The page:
The elemental’s movement while in whirlwind form does not
provoke attacks of opportunity, even if the elemental enters
the space another creature occupies. Another creature might
be caught in the whirlwind if it touches or enters the whirlwind,
or if the elemental moves into or through the creature’s space.

Creatures one or more size categories smaller than the
elemental might take damage when caught in the whirlwind and
may be lifted into the air. An affected creature must succeed
on a Reflex save when it comes into contact with the whirlwind
or take 2d6 damage. It must also succeed on a second Reflex
save or be picked up bodily and held suspended in the
powerful winds, automatically taking 2d6 damage each round.
A creature that can fly is allowed a Reflex save each round to
escape the whirlwind. The creature still takes damage but can
leave if the save is successful. The DC for saves against the
whirlwind’s effects is 16 (for a Large air elemental). The save
DC is Strength based.

Creatures trapped in the whirlwind cannot move except
to go where the elemental carries them or to escape the

Creatures caught in the whirlwind can otherwise act
normally, but must succeed on a Concentration check (DC 15

+ spell level) if they wish to cast a spell. Creatures caught in
the whirlwind take a –4 penalty to Dexterity and a –2 penalty
on attack rolls. The elemental can have only as many creatures
trapped inside the whirlwind at one time as will fit inside the
whirlwind’s volume.

The elemental can eject any carried creatures whenever it
wishes, depositing them wherever the whirlwind happens to be.
A summoned elemental—such as the one created by a balloon
of air elemental summoning—always ejects trapped creatures
before returning to its home plane.

If the whirlwind’s base touches the ground, it creates
a swirling cloud of debris. This cloud is centered on the
elemental and has a diameter equal to half the whirlwind’s
height. The cloud obscures all vision, including darkvision,
beyond 5 feet. Creatures 5 feet away have concealment, while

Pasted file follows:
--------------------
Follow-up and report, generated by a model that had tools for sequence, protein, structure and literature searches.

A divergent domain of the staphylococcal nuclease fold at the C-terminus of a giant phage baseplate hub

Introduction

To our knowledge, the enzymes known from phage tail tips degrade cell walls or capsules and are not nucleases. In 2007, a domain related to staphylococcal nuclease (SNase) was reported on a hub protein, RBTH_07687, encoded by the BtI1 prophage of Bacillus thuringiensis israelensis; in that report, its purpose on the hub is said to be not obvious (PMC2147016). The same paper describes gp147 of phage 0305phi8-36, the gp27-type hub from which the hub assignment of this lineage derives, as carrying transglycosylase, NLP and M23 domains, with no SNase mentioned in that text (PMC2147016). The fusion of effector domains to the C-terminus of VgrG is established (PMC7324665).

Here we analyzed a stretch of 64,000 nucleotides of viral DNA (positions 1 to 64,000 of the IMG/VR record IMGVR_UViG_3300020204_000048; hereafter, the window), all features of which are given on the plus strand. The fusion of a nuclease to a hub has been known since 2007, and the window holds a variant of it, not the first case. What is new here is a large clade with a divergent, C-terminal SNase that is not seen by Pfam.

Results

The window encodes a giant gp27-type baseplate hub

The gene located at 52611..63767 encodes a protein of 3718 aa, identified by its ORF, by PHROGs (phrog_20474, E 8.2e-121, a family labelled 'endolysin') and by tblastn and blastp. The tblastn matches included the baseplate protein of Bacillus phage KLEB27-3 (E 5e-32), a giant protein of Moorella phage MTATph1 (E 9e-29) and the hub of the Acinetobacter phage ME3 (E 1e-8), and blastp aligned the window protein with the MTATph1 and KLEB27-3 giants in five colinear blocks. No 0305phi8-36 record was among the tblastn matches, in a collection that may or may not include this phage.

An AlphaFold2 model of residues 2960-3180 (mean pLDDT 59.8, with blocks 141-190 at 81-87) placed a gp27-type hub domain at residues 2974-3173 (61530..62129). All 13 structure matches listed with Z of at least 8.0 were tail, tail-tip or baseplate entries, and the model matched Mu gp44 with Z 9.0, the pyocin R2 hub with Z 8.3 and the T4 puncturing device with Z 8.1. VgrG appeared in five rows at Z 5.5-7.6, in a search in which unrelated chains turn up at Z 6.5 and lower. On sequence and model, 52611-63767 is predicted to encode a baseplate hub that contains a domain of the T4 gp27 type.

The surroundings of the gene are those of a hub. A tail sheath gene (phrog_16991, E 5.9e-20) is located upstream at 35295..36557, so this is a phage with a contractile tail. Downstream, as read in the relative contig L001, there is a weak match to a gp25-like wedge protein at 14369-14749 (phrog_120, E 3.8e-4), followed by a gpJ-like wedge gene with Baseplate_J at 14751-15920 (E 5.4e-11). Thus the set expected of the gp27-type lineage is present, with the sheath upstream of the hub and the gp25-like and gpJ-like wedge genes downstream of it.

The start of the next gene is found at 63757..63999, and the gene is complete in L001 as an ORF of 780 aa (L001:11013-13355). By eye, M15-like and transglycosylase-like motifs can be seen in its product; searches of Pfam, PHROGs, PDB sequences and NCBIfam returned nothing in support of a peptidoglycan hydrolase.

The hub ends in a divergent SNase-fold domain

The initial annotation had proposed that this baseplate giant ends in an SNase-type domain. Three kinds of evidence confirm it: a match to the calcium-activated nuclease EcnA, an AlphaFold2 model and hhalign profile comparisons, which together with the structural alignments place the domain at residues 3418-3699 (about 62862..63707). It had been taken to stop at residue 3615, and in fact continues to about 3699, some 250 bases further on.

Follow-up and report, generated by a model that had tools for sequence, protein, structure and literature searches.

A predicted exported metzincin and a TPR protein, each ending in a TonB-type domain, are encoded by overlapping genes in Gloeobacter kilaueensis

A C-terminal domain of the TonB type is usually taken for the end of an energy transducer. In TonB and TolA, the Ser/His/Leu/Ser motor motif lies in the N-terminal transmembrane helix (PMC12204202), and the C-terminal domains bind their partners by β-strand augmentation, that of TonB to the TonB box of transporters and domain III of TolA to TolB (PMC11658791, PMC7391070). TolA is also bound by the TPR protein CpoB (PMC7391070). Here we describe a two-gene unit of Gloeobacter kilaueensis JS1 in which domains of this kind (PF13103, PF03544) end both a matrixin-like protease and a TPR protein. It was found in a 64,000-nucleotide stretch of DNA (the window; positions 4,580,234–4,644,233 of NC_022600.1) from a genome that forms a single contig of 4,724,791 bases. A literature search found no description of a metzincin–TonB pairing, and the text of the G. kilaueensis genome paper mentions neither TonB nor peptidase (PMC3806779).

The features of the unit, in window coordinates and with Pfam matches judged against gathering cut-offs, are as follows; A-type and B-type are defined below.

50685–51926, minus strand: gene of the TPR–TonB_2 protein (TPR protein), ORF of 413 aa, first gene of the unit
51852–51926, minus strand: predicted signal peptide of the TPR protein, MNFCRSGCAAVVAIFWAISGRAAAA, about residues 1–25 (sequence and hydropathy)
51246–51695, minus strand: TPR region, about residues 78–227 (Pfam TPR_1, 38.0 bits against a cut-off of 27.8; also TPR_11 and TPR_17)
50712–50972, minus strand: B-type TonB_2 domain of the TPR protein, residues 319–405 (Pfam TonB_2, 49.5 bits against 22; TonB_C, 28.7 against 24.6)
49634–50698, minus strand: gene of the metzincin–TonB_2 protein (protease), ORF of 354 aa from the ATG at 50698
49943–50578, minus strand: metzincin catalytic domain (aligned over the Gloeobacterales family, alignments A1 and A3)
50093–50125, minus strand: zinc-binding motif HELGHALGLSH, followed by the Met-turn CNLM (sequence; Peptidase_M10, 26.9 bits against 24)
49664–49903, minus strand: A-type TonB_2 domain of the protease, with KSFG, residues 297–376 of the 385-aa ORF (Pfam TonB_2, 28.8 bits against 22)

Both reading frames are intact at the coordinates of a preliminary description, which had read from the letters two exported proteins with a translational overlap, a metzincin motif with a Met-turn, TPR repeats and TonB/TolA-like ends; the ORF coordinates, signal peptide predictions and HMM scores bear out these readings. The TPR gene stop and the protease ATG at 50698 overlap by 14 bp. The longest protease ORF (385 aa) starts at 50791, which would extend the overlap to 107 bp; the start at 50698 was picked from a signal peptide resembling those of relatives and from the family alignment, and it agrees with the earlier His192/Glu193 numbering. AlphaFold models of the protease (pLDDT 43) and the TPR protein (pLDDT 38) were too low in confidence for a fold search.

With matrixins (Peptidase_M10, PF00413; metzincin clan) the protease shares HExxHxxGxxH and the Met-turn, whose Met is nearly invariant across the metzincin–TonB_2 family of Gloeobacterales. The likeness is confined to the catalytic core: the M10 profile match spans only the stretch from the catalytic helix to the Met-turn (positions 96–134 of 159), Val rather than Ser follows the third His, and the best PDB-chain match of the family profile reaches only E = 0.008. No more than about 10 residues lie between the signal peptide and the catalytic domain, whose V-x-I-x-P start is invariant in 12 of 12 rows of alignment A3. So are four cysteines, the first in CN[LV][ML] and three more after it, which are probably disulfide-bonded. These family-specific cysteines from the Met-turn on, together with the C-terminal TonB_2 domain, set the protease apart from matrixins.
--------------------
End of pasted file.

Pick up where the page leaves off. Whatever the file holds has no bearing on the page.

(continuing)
those farther away have total concealment.

Those caught in the cloud must succeed on a Concentration
check (DC 15 + spell level) to cast a spell.

An elemental in whirlwind form cannot make slam attacks
and does not threaten the area around it.

Earth Elemental
Earth Elemental: CR 6; Large elemental (earth); HD 8d8+32;
hp 68; Mas 19; Init –1; Spd 20 ft.; Defense 18, touch 8, flat-
footed 18 (–1 size, –1 Dex, +10 natural); BAB +6; Grap +17;
Atk +12 melee (2d8+7, slam); Full Atk +12 melee (2d8+7,
2 slams), or +4 ranged; FS 10 ft. by 10 ft.; Reach 10 ft.; SQ
Earth mastery, push, DR 5/–, earth glide, darkvision 60 ft.,
elemental traits; AL none; SV Fort +10, Ref +1, Will +2; AP 0,
Rep +0; Str 25, Dex 8, Con 19, Int 6, Wis 11, Cha 11.

Skills: Climb +14, Intimidate +8, Listen +6, Spot +5.
Feats: Power Attack.
Advancement: 9–15 HD (Large).
Earth Mastery (Ex): An earth elemental gains a +1 bonus

on attack and damage rolls if both it and its foe are touching
the ground. If an opponent is airborne or waterborne, the
elemental takes a –4 penalty on attack and damage rolls.
(These modifiers are not included in the statistics block.)

Push (Ex): An earth elemental can start a bull rush
maneuver without provoking an attack of opportunity. The
combat modifiers given in Earth Mastery, above, also apply to
the elemental’s opposed Strength checks.

Earth Glide (Ex): An earth elemental can glide through
stone, dirt, or almost any other sort of earth (except metal)
as easily as a fish swims through water. Its burrowing leaves
behind no tunnel or hole, nor does it create any ripple or other
signs of its presence. At the GM’s discretion, spells or psionic
powers that move large quantities of earth flings a burrowing
elemental back 30 feet, stunning the creature for 1 round
unless it succeeds on a DC 15 Fortitude save.

Appendix B: Elementals

Page 46

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Modern System Reference Document Copyright 2002-2003, Wizards of the Coast, Inc.;
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Modern Magic, Volume One, Copyright 2004, The Game Mechanics, Inc.; Authors: Eric Cagle,
Mike Montesa, and Mat Smith